Another positive effect of image stacking is a huge boost of the signal-to-noise ratio, which allows us to reveal extremely subtle brightness and hue differences of the lunar surface.
Where do these colors come from? Are they real?
The matter of the colors is probably the trickiest one to satisfactorily explain, as the exact answer will greatly depend on what exactly do you expect to be real. In comparison to what the human eye can see, the colors are obviously grossly exaggerated. Yet, our eyes - limited to detecting a very narrow range of the elecromagnetic spectrum - are quite a weak benchmark when it comes to telling what's real and what's not.
From a technical standpoint, the answer is fairly simple. Digital color images are composed of three channels: red, green and blue. All it takes to create a color image from a monochrome data is assigning at least two source images taken with different filters into separate image channels. The colors can be made more prominent by increasing the pixel value differences between individual channels (or saturating the image).
To sum up, the color differences on the Moon are most definitely real and correspond to the variations in chemical composition of the surface of our satellite. Blue areas are covered by a titanium-rich soil, whereas brown/orange areas indicate an abundance of iron.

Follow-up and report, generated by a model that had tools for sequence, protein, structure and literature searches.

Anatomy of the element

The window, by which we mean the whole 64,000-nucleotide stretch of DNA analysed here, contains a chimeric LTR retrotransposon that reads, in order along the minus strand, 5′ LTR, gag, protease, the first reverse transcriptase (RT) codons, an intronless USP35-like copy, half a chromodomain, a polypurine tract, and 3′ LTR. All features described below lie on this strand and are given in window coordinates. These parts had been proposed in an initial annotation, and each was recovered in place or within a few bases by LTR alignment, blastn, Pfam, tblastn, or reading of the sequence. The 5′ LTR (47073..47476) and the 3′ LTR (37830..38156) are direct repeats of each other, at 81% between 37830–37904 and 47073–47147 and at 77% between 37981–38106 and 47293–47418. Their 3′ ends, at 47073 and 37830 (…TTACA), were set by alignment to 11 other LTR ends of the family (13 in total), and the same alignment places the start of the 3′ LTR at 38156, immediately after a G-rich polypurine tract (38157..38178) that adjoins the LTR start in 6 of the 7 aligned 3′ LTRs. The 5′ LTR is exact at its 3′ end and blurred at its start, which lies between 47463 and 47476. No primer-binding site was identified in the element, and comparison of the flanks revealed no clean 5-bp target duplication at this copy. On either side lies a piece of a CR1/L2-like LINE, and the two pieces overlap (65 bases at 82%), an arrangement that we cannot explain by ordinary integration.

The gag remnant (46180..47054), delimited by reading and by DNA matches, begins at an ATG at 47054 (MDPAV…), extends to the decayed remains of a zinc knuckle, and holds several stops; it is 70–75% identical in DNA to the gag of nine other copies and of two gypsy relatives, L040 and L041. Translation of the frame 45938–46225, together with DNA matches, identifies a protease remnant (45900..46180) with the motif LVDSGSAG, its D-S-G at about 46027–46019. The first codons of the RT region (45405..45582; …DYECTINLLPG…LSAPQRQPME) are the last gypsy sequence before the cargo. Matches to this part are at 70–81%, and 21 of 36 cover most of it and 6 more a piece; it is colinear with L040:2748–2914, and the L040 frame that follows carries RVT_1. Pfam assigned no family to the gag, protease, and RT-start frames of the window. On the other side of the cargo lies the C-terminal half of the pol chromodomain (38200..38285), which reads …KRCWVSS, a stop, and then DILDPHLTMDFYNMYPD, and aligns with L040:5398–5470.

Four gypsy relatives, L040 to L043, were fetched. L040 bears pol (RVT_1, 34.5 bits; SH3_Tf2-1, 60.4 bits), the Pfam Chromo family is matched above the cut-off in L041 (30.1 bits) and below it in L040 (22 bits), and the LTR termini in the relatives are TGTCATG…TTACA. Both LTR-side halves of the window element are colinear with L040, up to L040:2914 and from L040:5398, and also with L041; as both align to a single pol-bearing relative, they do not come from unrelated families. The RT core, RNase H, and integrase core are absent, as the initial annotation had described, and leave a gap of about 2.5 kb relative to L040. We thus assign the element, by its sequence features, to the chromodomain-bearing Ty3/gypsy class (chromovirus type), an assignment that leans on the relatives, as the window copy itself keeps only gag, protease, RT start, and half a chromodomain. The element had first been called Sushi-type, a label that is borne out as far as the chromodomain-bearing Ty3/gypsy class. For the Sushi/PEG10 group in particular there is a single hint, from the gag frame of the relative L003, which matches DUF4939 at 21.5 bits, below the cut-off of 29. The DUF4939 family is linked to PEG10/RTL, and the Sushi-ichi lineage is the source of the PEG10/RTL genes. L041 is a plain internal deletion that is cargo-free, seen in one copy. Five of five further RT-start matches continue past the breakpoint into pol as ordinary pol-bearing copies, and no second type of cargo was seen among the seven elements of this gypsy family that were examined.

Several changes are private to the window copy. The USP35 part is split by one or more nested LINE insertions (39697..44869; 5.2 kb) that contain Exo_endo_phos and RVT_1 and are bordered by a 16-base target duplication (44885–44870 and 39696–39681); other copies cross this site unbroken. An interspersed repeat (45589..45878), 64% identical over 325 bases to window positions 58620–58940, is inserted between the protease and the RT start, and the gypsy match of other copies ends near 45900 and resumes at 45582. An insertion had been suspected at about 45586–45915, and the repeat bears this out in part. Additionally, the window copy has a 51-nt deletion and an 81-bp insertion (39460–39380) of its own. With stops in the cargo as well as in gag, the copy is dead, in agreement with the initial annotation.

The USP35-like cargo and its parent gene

How long does it take to create one photograph?
The image acquisition process itself takes usually around 10 to 30 minutes, with the exact duration dependent on the surface brightness of our satellite (requiring adequate exporure times) and a combination of the apparent size and the percentage of illumination of the lunar disk. A full or a nearly full Moon which is close to Earth may require recording up to 12-13 mosaic panes in order to cover the entire visible surface, whereas a thin crescent only needs as little as 4 separate panes.
But obviously recording the raw material is just a part of the whole process. What follows next is a multi-step phase of post processing, or data reduction as astromoners like to call it. Image stacking is fairly resource demanding and may take up to five hours on a mid-range laptop. The application of the image sharpening algorithms and a final assembly of the mosaic in Photoshop is usually up to two hours of additional work.
Of course, much of it is automated. Launching the stacking process takes just a few minutes, so it's not like the author must sit in front of the monitor and click the same buttons over and over for several hours. Only the final adjustments require an active intervention on the photographer's part, since every processed material comes out a little different, so things like color balance need to be applied manually.